We have captured 5 spies. Their names are A, B, C, D, and E

This is a variant of the puzzle here.

We have captured 5 spies belonging to a secret organization. Their identities are unknown; we only know them by their codenames A, B, C, D, and E. After thorough interrogation, here's what we've figured out:

• Spy A claims to have worked with 4 of the other spies
• Spy B claims to have worked with 3 of the other spies
• Spy C claims to have worked with 3 of the other spies
• Spy D claims to have worked with 2 of the other spies
• Spy E claims to have worked with 1 of the other spies
• A spy who lies will always lie by saying a bigger number than the true number
• At most one spy is a liar, and it isn't C.

Questions:

• Are any of the spies liars?
• Have B and C worked together?
• "If a spy is lying, he knows more people than he claims." You mean worked with more people? Feb 13 at 17:48
• The question was edited after closing. Now it seems a good question for this site. Feb 14 at 5:12
• If I would have more reputation I would have voted to reopen, I will agree with @justhalf, this question is now interesting. Feb 14 at 8:48
• Same problem, but with 7 spies: www2.kenyon.edu/Depts/Math/Aydin/Problem/Past/Fall04/… Feb 14 at 12:16
• @justhalf Puzzle was closed for lacking attribution. The rewording makes it far clearer now (thank you!) but I still don't see any proper attribution. Feb 14 at 22:31

We can summarize this information in a graph, where the vertices are the 5 spies, and two spies are connected if they have worked together. Each spy's assertion is then a claim about the degree of the associated vertex.

Are any of the spies liars?

Yes, one of the spies has to be a liar. The sum of the degrees of vertices in a graph is twice the number of edges, and since the sum of the degrees asserted here is odd, one of the assertions must be false.

Have B and C worked together?

To answer this question, we first note that E is not lying. Otherwise E would never have worked with any of the other spies, meaning A can have only worked with at most 3 other spies, which would imply A is also lying.

Now if B and C have not worked together before, then C must have worked with A, D and E, because C is not a liar. Since E is not lying, E cannot have worked with A, which implies A is lying. But B can only have worked with A and D, which implies B is also lying. This is a contradiction, so B and C must have worked together.

• A more elegant solution than mine. Feb 16 at 17:03
• Can you possibly show a graph or a figure to explain the vertices, edges and degrees? I don't fully understand this.
– Sid
Feb 17 at 10:36
• @Sid: The whole point of part 1 is that you cannot show a graph which has these properties. The handshaking lemma is the basic graph theory result being applied here. Hope the link helps! Feb 17 at 14:27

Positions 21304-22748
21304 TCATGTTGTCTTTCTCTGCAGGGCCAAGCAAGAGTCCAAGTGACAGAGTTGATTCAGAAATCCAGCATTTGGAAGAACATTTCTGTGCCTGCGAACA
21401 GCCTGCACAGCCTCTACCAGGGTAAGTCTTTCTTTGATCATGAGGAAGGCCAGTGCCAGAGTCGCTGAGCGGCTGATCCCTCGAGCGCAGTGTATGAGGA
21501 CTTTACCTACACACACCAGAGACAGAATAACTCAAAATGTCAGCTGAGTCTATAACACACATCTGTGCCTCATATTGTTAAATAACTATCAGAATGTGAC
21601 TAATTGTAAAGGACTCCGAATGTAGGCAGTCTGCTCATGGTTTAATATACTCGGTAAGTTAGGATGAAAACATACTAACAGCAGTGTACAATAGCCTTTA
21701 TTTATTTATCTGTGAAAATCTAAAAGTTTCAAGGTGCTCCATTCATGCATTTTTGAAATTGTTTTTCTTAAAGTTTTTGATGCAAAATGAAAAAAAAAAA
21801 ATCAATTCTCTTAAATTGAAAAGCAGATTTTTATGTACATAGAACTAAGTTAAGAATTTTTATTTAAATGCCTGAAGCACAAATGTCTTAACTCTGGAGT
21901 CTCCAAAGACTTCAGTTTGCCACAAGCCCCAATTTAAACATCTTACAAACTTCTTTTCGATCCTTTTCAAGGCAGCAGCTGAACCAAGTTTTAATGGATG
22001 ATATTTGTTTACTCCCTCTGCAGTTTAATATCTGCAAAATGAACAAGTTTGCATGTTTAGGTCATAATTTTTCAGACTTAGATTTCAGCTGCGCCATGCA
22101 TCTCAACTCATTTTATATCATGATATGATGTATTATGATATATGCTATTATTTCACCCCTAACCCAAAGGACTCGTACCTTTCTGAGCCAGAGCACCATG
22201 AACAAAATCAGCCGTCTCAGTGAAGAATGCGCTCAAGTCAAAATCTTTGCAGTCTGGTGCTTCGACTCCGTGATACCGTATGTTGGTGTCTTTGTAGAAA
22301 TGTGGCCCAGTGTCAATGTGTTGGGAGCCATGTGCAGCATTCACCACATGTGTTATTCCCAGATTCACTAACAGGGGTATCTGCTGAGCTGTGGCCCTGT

I found some approach by drawing a graph of the spies from the lowest number (E = 1) to the highest (A = 4).

So at first we should talk about E. As it comes from the question E have worked with only 1 other spy. So lets see if he's lying or not. If E is lying then he should have never worked with any other spies so then A is also have worked with 3 others which breaks the rules where the question saying At most 1 spy is lying. Therefore E is NOT lying.

Now we move to D. If we consider D as the liar then our graph would be something like the follow, that makes the C or B a liar too. So D is NOT a liar too:

Ok now we get to check if B is a liar or not. As A is the last spy standing so he shouldn't be a liar so the graph would be like this. Considering the following graph one answer is that B is lying:

The question also have another answer but it doesn't mean there is 2 spies lying. As it comes from the question we understand that there might be more than one answer. it says

Are there any spies

As we check A if he is lying or not we can see that A is lying in 2 like below:

And about the second question which asks if B and C have ever worked together or not we can see that C as the never lying spy will have worked with A, E and D and since E will only work with 1 spy so then E and A would have never worked together and that breaks the rule which says only one spy is lying.

The sum of the stated numbers is 4+3+3+2+1 = 13, which is odd, meaning there's a liar.

If Spy A has worked with 4 players, an odd number must turn even or vice versa:

B: 3 or 2 spies (one of them being BA, so not zero)
C: 3 spies (one of them being CA)
D: 2 spies or 1 spy (one of them being DA)
E: 1 spy (one of them being EA, so not zero).

None other than A has worked with E, so C must have worked with A, B and D.

If Spy A has worked with fewer than 4 players, the rest of the stated numbers are all true:

A: 3 spies or 1 spy
B: 3 spies
C: 3 spies
D: 2 spies
E: 1 spy.

For B and C to not have worked with each other, they must have worked with A, D and E, but E can't have worked with more spies than one.

In conclusion, B must have worked with C in any case.